The blog this week was written by George Martin, President of The Arcadia Institute. For over 30 years I served as the Executive Director of an advocacy group for people with disabilities (The Arc Community Advocates). For much of that time my primary, and almost entire, concern was for that population. I was not unlike leaders of other disability-specific organizations. We believed that the best way to improve the lives of people with disabilities was to promote their interests almost to the exclusion of other interests. I believe that we had valid reasons for taking that stance: the people we served had too few people on their sides, and they needed our single-minded advocacy.
What I began to realize over the years was that I not only had an obligation for other people but also that the most effective way to build community support for people with disabilities was to work for the best possible community for all people. That shift began to make sense for both practical reasons and more idealistic ones. In order to gain community support I had to support the community. In order for people with disabilities to have a good community in which they could take part, that community had to be strong.
In October of 2012, this line of thinking influenced my decision to convene the first meeting of what became the Steering Committee for the first Kalamazoo Poetry Festival. I had a personal stake in this event because my wife is a poet, and I wanted to support her and her colleagues. I also saw the possibilities for strengthening community support for people with disabilities. I wanted people to know that The Arcadia Institute was using its resources to further a broader community interest than just our mission.
This kind of thinking undergirds a concept that I call ‘community leadership’, which I think should be part of the mission of all nonprofit organizations. It is not sufficient just to be about fulfilling our specific organizational mission. We must embrace the broader good of promoting what is best for the whole community. I know that some will say that nonprofits have so few resources that we have to use them for our narrower interests. Yet, I believe that unless we join in the broader cause of making the whole community a better place to live, the lives of those we have a specific responsibility to serve will not be as rich as they could be.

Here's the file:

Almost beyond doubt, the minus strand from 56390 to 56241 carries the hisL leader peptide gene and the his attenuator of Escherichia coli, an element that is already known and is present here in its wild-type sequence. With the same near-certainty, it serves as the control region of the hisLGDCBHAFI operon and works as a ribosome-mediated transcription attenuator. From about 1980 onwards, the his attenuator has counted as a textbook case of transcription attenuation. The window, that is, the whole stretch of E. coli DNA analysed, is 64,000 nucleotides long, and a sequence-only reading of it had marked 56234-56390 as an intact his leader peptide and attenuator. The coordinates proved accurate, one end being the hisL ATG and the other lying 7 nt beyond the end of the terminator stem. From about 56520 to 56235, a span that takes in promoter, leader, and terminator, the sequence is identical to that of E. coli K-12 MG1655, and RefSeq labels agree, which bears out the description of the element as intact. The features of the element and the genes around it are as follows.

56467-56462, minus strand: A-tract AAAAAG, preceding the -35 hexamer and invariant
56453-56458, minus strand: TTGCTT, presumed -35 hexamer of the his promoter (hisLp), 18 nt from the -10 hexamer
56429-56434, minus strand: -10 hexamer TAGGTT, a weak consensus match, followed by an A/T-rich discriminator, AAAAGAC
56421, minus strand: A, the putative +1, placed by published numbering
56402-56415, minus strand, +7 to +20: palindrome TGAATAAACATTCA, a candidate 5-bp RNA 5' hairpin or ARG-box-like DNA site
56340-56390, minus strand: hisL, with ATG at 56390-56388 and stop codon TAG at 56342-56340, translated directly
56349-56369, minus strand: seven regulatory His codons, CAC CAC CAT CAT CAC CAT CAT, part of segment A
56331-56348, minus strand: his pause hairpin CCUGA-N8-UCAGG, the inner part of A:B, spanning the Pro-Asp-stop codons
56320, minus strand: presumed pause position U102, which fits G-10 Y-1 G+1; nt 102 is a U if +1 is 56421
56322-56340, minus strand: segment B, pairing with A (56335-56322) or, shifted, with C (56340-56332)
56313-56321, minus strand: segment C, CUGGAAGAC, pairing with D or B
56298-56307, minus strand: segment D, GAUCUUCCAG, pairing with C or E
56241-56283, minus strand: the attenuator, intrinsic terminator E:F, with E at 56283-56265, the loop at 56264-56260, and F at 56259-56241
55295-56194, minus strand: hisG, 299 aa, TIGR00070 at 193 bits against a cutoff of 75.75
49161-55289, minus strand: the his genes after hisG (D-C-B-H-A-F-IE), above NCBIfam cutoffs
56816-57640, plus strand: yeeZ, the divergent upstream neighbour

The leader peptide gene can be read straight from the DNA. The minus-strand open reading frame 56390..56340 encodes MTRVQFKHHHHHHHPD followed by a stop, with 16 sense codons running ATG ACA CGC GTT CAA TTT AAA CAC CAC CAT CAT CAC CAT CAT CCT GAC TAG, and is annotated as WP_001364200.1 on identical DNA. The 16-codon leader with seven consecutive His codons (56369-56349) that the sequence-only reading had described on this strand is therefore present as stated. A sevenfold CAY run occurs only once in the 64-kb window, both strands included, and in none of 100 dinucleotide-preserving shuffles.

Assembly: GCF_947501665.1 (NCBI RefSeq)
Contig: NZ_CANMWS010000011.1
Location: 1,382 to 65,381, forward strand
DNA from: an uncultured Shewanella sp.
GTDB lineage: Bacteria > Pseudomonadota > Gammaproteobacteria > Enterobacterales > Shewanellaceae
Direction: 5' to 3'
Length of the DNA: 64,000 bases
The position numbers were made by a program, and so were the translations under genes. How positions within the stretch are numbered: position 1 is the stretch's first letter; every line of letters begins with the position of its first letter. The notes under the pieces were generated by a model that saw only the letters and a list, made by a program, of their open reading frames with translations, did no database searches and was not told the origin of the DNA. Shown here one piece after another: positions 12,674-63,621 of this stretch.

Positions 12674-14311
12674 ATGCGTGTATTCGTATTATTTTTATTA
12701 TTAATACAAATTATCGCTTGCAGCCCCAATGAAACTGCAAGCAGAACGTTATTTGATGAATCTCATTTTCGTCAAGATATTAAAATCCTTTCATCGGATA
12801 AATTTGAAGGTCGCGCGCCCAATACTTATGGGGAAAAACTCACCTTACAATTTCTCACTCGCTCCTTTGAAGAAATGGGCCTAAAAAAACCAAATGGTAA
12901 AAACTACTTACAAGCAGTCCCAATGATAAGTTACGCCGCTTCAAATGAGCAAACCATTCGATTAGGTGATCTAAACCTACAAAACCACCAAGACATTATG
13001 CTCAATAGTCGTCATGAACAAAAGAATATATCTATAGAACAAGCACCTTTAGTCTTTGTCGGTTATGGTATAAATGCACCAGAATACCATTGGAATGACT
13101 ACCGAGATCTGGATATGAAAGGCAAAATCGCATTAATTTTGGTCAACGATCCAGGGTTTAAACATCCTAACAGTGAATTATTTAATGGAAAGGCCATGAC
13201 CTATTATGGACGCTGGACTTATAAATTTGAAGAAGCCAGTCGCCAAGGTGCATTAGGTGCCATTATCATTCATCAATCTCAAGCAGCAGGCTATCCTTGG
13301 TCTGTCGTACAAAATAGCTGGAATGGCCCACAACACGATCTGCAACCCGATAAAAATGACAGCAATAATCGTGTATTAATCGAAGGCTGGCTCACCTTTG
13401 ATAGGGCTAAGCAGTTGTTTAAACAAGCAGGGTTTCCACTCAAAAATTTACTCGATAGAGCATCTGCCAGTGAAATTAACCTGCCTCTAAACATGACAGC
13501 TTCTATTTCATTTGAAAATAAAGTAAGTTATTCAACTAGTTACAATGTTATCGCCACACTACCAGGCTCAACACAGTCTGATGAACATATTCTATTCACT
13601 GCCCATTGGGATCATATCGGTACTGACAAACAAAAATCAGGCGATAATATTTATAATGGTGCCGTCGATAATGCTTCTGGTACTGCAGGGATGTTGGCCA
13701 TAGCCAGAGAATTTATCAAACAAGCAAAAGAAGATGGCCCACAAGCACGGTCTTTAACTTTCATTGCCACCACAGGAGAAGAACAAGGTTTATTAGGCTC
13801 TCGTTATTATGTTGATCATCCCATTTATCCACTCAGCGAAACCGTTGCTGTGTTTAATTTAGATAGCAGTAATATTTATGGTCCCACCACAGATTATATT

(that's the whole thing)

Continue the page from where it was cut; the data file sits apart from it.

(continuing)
In my most recent blog I pointed to three of the key values of the Kalamazoo Community Foundation, equity, inclusion, and diversity. My focus was on equity. With my leadership on the Poetry Festival my focus was on diversity. I wanted to be part of creating an event that would bring together established and emerging poets, poets of different races, ethnic groups, ages, abilities and sexual orientations. As over two hundred people who attended activities of the Festival attest, we succeeded on all counts. One highlight was the Friday evening in which we had readers from eleven highly diverse organizations. The person who almost stole the show was the reader the Institute selected who had no verbal communication but whose rendering of a poem with the assistance of interpreter evoked instantaneous applause!
People with disabilities and those of us who serve them do our jobs best when we are Community leaders.